Québec aims to keep organized crime out of construction

Quebec flag in Old Quebec
New regulations in Québec are intended to combat fraud and corruption in the construction sector.
Photo © Tony Webster via Wikimedia Commons

New rules to combat fraud and corruption in Québec’s construction industry took effect in early September. The regulations stem from several recommendations of the Charbonneau Commission, a public inquiry into potential corruption in the management of public construction contracts.

Bill 162, An Act to Amend the Building Act and Other Legislative Provisions Mainly to Give Effect to Certain Charbonneau Commission Recommendations, was adopted by the Québec National Assembly in May, 2018.

The provincial agency that regulates the construction industry, Régie du bâtiment du Québec (RBQ), says the measures to clean up the construction industry give it “the necessary powers to fully contribute to efforts to prevent and fight against fraudulent practices and corruption in the construction industry.”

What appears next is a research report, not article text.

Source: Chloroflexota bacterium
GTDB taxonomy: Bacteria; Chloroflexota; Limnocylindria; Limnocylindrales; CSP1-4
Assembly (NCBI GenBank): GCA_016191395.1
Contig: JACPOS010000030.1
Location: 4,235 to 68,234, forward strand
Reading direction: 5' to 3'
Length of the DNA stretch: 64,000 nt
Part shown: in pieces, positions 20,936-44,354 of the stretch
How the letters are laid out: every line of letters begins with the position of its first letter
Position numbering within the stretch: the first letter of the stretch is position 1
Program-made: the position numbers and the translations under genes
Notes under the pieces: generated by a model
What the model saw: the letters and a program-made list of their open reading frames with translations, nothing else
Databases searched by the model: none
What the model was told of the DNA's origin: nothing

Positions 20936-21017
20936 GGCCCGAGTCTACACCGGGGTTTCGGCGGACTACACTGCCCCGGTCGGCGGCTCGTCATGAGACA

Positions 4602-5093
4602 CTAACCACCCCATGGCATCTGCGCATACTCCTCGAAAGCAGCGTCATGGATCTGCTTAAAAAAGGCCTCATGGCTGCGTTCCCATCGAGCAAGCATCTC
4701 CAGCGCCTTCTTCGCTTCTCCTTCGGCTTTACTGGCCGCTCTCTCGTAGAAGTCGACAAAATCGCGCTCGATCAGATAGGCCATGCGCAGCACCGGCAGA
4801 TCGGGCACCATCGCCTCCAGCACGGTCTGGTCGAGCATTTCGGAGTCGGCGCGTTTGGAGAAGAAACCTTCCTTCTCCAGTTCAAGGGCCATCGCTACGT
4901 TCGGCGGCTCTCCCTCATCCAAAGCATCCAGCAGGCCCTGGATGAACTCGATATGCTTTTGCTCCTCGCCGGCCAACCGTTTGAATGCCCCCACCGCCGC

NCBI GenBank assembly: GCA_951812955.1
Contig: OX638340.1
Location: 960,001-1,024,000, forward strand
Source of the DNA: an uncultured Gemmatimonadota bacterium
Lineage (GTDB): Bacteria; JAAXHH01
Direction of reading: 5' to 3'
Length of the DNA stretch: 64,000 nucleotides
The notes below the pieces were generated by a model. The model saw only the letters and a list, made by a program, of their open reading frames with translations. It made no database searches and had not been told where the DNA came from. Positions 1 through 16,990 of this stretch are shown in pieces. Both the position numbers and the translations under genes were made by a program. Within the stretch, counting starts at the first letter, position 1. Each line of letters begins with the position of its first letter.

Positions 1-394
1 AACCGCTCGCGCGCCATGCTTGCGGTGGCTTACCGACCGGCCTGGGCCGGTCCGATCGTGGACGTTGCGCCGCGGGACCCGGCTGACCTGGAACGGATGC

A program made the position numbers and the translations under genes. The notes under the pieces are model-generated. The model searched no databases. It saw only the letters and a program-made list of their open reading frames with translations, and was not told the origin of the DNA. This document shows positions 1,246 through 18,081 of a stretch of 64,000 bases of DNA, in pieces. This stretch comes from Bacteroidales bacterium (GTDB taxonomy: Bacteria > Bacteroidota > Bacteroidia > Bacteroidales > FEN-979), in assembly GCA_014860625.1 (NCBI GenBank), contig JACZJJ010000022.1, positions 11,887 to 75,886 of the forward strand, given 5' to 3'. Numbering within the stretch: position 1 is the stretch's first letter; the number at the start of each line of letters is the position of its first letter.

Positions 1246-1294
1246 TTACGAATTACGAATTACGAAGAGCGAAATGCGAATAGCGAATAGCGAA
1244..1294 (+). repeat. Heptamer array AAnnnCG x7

RBQ says the rigourous framework prevents the infiltration of organized crime and counteracts unfair competition faced by honest entrepreneurs.

The Act will tighten the conditions for the issuance and maintenance of a license under the Building Act, by adding specific offenses covered by other Acts, such as the trafficking, production, or importation of drugs; money laundering; conspiracy; bid rigging; fraud; collusion; and corruption.

In addition, provisions are included to expand the agency’s audit and investigation powers, and to better protect whistleblowers.

Explaining the new regulations, Maude Brouillette of Stikeman Elliott LLP, notes the RBQ will also now require “a performance bond or a bond for pledges, materials, and services from any contractor in order to ensure the continuation of the work and the payment of creditors in the event of cancellation or suspension of a licence.”

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